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June 26, 2014 at 6:50 AM

Why Washington state — and Cathy McMorris Rodgers — play a pivotal role in Ex-Im debate

U.S. Rep. Cathy McMorris Rodgers, R-Wash.

U.S. Rep. Cathy McMorris Rodgers, R-Wash.

Few Spokane firms have been around longer than Commercial Creamery, in business since 1908, a manufacturer of food ingredients with worldwide sales. It lost business in the Middle East after the invasion of Iraq but found a new market for its powdered cheese in the Philippines and Indonesia. The company covered the invoices with insurance from the federal Export-Import Bank.

All in all, not really the most exciting of transactions. Which is why company President Michael Gilmartin marvels at the current firestorm in Congress over the bank’s reauthorization, fast becoming the debate of the season. Unless a bill passes the obscure 80-year-old institution will die Oct. 1. Gilmartin says there’s something entertaining about an argument in which Democrats are lining up for an enterprise that supports business and Republicans are lining up against it. “But I’d rather see them work on something that everyone agrees is a problem, like the Internal Revenue Service.”

Unlike most issues that consume Congress this one seems to have a clear Washington state focus: Boeing is the biggest customer for the bank’s export loans, credit insurance and loan guarantees. Washington Democrat Denny Heck is sponsoring the bill for the bank’s reauthorization, and 11 out of 12 members of the state’s congressional delegation have declared their support. Yet the one member who hasn’t made up her mind could play the most pivotal role of all. That’s Gilmartin’s congresswoman, Cathy McMorris Rodgers, and that makes Spokane and the 5th Congressional District ground zero for the debate.

Rodgers has become the focus of a concerted business-driven campaign for the bank’s survival. As chairwoman of the House Republican Conference, she is the fourth-highest-ranking member in the House Republican majority caucus. Business is looking to her to help lead Republicans in support of the bank, as a conservative faction takes aim for what appear to be philosophical reasons, as new Minority Leader Kevin McCarthy, R-Calif., says he is willing to let the bank die, and as House Speaker John Boehner appears to waver. Rodgers would do well to listen to the business voices from her district.

The bank’s opponents say it provides a service the private sector could perform just as well, yet commercial banks and insurers have not been eager for the trade. The American program operates without cost to the taxpayer. Spokane’s business community hopes to convince McMorris Rodgers that she could play a particularly important role. “We’re going to be working really hard this week,” says Sandra Jarrard, public policy director for Greater Spokane Inc.

McMorris Rodgers, who voted for the bank during the last reauthorization debate in 2012, today speaks with caution. “I understand how important exports are to thousands of jobs in Washington state, but it is also my responsibility to make sure taxpayer dollars are protected,” she offered in a statement Wednesday. “I think we need to look at serious reforms to the Export-Import Bank as part of any reauthorization, including safeguards to increase transparency, ensuring loans and guarantees are going to those intended, and eliminating corruption.”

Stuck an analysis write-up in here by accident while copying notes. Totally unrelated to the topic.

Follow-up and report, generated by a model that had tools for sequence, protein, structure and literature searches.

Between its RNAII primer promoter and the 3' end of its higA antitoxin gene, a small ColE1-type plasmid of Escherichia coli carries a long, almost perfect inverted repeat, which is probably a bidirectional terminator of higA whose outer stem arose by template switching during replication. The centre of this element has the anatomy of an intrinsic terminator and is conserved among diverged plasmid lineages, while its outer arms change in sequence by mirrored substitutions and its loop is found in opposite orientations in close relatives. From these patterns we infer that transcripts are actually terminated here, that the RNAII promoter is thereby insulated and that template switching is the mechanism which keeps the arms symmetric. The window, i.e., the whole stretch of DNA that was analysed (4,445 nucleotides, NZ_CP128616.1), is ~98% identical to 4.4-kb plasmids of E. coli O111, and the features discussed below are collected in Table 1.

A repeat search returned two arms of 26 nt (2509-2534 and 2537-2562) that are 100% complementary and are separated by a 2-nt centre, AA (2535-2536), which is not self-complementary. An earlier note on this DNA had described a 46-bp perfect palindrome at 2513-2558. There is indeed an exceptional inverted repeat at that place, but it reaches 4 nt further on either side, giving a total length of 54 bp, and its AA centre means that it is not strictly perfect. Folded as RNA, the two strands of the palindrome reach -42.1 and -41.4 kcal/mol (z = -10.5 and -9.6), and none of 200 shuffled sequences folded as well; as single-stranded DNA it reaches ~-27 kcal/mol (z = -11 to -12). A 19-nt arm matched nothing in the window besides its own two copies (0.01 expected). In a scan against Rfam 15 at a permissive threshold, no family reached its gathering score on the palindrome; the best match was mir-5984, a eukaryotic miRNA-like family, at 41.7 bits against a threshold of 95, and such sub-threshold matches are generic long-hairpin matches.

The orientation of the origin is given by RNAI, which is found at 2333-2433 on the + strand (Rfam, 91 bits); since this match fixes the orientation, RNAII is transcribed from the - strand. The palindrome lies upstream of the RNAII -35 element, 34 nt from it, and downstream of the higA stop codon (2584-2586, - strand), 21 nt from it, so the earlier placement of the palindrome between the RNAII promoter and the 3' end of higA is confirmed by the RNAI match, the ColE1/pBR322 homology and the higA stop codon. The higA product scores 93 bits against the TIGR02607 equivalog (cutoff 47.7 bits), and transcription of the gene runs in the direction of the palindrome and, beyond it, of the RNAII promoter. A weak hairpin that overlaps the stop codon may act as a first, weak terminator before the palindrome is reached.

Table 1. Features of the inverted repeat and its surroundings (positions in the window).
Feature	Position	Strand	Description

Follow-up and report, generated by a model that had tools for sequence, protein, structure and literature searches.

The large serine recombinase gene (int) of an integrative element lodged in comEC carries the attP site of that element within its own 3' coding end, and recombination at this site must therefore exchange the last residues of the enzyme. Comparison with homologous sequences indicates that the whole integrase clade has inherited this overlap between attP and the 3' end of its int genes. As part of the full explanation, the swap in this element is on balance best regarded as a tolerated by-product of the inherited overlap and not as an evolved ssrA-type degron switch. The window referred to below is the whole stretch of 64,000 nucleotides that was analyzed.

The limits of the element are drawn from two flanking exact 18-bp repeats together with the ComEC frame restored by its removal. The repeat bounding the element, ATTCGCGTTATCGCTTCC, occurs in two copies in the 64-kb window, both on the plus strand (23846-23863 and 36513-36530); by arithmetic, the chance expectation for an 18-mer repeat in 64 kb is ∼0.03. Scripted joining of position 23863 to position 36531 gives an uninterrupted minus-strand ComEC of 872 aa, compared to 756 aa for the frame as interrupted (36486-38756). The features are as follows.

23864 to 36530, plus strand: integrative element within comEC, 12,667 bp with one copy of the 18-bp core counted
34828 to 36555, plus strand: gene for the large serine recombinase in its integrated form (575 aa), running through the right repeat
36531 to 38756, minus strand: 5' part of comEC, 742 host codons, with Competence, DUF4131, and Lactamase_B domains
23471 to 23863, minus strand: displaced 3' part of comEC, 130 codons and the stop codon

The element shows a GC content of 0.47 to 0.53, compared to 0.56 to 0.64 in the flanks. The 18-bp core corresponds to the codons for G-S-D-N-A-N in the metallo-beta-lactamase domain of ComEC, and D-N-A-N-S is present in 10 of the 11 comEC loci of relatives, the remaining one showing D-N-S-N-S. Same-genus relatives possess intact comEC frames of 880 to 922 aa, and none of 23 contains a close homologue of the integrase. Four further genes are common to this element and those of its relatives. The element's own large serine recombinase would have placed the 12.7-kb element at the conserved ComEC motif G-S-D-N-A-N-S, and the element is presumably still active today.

All well and good – except that it isn’t clear what needs to be safeguarded, what isn’t transparent, whether money is going to the wrong place or that systemic corruption is a problem. But at least it isn’t a no.

Gilmartin offers a voice from the real world. His company was one of the largest beneficiaries of Ex-Im services in the 5th District over the last six years, one of 15 that found support for $63 million in exports. Credit insurance simply wasn’t available commercially, he says, and it allowed the company to enter the South Pacific market aggressively. Gilmartin notes that the $10 million in coverage represented .00004 percent of the bank’s business, but if some fret about the bank’s support for big firms like Boeing, he has trouble seeing the problem. Boeing suppliers are located throughout the state. “It sounds like jobs to me.”

The list of businesses that have benefited includes some of the most iconic in the 5th Congressional District. Among them are Schweitzer Engineering Laboratories in Pullman and White’s Boots, the renowned Spokane-based manufacturer of custom leather workboots.

It is a demonstration of the growing importance of international trade, up fivefold since 1980, says Washington’s Heck. It’s not just for big corporations anymore. Every country in the developed world offers a similar export-assistance program, he notes – “if we want our markets to remain healthy we need to be able to sell into theirs.” Heck launched the final phase of the battle Tuesday as he introduced a bill to reauthorize the bank; immediately he picked up 200 Democratic cosponsors. Some 41 House Republicans signed a letter Monday expressing support, including Washington’s other three GOP members. That’s a majority – meaning easy passage if someone in Republican leadership exhibits leadership.



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